Anonymous Club is a wonderful portrait of Courtney Barnett in a world she simply can’t pretend to exist in comfortably. For those unfamiliar with Barnett, she has a style of songwriting that is best described as dry, witty and deadpan in delivery in the singing of her songs, usually backed by a full band behind her, or just singing over herself playing acoustic guitar.
Some sort of ineffable curiosity in Barnett compels her to write, sing, and explore her own feelings, but in a world where singer-songwriters are expected to bare all and make each song deeply personal or have some earth-shattering resonance justifying their existence. Barnett admits to having no grand plans whatsoever, her music is messy because her life, life as she knows it, is messy. The documentary itself addresses crippling depression, debilitating panic attacks, and anxiety right away from a video recording of a radio interview. Barnett, just like any of us, can’t simply offer any enlightenment on why she chooses to focus on feelings like this for some of her songs when prompted. It’s ultimately a question without a definitive answer (and even if she was also a therapist it would mostly be speculation). She probes these existential questions because she lacks the enlightenment required to understand it, just like us, who suffer from depression’s myriad inexplicable & immobilizing throes.
And within the pantheon of singer-songwriters that share cultural impacts similar to Barnett, all of them deal with these issues on extremely different levels of intimacy with their adoring public as well as in private. Since the subject is so hard-hitting (or perhaps because of it), there is a feeling of therapy in chronicling and having chronicled her own struggles step by step as Barnett herself narrates via dictaphone, while clips play of her writing, singing, or sitting. But then Anonymous Club‘s therapeutic essence bleeds into the audience as organic and as natural as conversation would reveal that they may have more in common with Barnett’s personal anxieties & depression surrounding her image.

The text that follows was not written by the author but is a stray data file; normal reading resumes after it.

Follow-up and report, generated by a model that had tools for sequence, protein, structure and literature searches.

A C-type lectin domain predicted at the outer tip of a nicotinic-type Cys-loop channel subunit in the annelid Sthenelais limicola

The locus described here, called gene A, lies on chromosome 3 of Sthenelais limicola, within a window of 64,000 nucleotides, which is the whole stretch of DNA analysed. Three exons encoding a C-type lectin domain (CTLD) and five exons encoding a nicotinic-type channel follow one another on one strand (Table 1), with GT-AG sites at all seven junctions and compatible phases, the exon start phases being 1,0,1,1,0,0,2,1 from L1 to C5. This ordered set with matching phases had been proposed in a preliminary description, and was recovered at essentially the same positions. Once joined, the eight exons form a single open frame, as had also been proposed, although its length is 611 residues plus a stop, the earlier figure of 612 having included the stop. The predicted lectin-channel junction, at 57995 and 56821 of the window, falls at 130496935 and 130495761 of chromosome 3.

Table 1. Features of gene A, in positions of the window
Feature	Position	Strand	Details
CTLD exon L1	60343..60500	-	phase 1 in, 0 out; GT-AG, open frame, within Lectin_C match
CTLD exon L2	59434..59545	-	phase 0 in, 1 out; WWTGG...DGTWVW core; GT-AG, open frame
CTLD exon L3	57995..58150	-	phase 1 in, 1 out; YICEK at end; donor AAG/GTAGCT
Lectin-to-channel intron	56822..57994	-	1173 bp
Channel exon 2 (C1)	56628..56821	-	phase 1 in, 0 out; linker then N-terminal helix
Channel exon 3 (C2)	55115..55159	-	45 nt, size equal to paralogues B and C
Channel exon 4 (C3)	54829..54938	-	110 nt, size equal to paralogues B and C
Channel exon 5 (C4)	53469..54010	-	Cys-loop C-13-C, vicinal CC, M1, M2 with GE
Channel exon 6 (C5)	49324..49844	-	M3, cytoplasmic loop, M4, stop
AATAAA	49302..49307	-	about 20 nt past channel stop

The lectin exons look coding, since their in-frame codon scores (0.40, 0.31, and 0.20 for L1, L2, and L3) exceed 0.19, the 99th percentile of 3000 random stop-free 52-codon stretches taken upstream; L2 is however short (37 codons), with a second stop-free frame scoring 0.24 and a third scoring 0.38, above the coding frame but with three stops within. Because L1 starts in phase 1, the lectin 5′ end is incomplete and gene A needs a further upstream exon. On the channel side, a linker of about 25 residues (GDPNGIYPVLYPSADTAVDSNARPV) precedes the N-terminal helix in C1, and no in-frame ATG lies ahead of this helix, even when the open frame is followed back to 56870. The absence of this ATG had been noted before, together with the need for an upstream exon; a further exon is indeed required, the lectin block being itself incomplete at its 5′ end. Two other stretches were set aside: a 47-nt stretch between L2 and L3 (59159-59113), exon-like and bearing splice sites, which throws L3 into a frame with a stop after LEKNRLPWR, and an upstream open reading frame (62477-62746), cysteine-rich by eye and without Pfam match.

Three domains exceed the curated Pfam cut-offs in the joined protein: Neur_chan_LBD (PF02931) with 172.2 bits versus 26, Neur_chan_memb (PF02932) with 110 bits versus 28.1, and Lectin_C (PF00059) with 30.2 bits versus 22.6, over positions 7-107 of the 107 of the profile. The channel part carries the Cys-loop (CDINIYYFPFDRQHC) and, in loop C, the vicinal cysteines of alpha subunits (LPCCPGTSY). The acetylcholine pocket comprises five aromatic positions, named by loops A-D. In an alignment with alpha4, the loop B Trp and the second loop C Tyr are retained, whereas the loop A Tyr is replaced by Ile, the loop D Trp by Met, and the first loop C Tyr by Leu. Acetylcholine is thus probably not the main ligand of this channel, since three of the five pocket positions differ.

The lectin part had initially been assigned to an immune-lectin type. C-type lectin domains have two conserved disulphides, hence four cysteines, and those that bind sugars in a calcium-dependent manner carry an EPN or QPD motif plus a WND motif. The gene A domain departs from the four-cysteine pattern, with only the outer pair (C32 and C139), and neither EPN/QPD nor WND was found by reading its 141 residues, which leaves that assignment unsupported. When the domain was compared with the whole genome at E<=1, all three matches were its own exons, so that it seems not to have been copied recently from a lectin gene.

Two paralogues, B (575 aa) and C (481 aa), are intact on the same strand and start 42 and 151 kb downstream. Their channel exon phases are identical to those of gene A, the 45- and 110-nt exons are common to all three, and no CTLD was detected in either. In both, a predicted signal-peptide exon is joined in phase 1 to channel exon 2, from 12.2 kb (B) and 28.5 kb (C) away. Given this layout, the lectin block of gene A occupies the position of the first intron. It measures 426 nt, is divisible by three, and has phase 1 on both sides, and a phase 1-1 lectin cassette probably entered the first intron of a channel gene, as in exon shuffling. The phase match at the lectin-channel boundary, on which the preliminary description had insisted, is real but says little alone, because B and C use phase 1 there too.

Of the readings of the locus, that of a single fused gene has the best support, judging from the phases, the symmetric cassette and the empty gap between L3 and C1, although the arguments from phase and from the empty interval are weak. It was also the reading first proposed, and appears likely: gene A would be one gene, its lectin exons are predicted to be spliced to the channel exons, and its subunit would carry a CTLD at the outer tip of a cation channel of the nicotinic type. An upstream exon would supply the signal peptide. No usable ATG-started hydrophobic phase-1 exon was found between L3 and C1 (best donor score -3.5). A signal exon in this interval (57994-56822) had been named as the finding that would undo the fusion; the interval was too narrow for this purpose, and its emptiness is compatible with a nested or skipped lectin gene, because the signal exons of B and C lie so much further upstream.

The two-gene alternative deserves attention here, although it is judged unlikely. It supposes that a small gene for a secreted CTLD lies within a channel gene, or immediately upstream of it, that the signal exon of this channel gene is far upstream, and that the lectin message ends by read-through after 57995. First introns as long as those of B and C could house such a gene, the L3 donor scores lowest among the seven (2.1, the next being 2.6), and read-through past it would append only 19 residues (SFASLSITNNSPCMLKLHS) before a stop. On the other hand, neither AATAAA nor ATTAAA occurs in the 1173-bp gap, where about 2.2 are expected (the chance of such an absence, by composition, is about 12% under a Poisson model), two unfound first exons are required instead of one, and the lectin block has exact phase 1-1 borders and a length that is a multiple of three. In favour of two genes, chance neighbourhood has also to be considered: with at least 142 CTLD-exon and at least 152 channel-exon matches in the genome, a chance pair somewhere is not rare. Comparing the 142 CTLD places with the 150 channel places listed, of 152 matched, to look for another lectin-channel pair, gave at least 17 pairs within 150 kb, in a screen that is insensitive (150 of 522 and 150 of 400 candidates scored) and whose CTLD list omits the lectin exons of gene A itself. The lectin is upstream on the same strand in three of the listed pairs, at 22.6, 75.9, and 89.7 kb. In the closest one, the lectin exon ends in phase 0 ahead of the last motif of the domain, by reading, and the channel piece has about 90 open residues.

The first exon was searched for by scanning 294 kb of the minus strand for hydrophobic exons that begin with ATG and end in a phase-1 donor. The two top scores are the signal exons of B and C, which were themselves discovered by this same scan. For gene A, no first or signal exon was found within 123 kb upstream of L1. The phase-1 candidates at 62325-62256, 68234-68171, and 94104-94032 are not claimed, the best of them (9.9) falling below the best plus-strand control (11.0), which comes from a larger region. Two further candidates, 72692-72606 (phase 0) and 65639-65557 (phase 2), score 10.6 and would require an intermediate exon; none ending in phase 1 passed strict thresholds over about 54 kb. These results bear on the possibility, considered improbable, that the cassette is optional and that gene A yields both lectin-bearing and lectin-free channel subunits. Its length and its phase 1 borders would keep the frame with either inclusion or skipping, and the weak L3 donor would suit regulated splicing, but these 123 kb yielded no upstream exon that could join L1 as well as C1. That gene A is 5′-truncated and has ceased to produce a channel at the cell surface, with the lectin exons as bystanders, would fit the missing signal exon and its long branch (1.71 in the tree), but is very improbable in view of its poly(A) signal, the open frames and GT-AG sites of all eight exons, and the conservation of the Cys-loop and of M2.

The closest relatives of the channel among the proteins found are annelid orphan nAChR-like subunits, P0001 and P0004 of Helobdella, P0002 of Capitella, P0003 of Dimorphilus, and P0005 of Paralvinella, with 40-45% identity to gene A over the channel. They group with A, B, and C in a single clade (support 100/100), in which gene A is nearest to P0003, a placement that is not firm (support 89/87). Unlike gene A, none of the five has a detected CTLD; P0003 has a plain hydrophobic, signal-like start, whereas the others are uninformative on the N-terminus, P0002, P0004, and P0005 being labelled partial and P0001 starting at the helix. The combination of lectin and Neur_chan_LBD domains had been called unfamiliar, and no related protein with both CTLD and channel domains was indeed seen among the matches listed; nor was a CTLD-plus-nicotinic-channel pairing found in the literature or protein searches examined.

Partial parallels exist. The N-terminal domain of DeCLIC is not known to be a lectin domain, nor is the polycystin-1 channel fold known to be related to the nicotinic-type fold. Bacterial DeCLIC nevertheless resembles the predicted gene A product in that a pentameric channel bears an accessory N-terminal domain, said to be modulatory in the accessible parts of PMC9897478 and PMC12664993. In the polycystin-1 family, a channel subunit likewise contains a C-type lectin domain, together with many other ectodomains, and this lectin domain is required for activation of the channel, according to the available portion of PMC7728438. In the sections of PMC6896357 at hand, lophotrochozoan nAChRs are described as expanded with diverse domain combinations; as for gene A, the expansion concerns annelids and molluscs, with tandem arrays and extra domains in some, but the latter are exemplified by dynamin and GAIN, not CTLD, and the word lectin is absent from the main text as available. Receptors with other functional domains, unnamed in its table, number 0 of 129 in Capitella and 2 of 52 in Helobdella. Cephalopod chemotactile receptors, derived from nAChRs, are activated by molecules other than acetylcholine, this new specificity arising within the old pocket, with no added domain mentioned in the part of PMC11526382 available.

The lens of societal anxiety is just as fascinating as our view through the 16mm lens used to shoot Danny Cohen’s portrait of Barnett the artist. As a piece of technology, any method of film can show anyone just as equally or relatably capable as another on their exterior. While documentaries about artists tend to lend a visual style that resembles the persona their work gives off, Cohen’s use here of grainy film lends Barnett an unprocessed & raw visual honesty about herself, where you see and hear her talk about brutal reactions to her music, real or imagined, immediately knowing it’s genuine as it happens, not for a second considering it to be manufactured drama. The use of 16mm film as a visual medium helps the audience bridge a gap rather than stick out as merely kitschy, making Barnett more easily understood and not mislabeled as aloof. This feature has decidedly been crafted as a physically tangible and fragile medium, containing some of the most important questions asked and lessons learned by Barnett, as well as whatever overlap her fans and the audience of Anonymous Club occupy.
As we follow Barnett in her own musings, the same ground is circled on over and over. It’s curious at first why we follow in succession with her revisiting the same woes and fears again and again, but as Barnett realizes the cycle she’s been caught in, so do we as the audience realize her progress by closely following her. There’s a shared catharsis once the cycle is broken, as Barnett looks back on her patterns and decides to break free from them. There’s a true feeling of freedom that comes from this that is immediately relatable to us. Sometimes it comes in the form of self-realization, but sometimes others can remind you of what you’ve said (or sung) before to help keep others focused, not noticing that you needed that comfort or advice for yourself. In the opening of the film, a fan talks to Barnett and explains how far he had traveled just to see her show, ecstatic to meet her, but intent on getting her lyrics written on the back of his t-shirt:
I’d rather stay in bed with the rain over my head
Than have to pick my brain up off of the floor
Anonymous Club comes highly recommended if the music of Courtney Barnett speaks to any part of your conscious, subconscious, inner dialogue or incessant overthinking brain.
The film opens theatrically in New York and LA on July 15th, with Courtney Barnett scheduled to appear in-person. The complete list of theatrical presentations courtesy of Oscilloscope Films can be found here.
'Anonymous Club' is a sobering and cathartic portrait of Courtney Barnett, rubbing against & breaking through societal stigmas of depression.
Andre is an avid film watcher, blogger and podcaster. You can read his words on film at letterboxd and medium, and hear his voice on movies, monsters, and other weird things on Humanoids From the Deep Dive every other Monday. In his “off” time he volunteers as a film projectionist, reads fiction & nonfiction, comics, and plays video games until it’s way too late.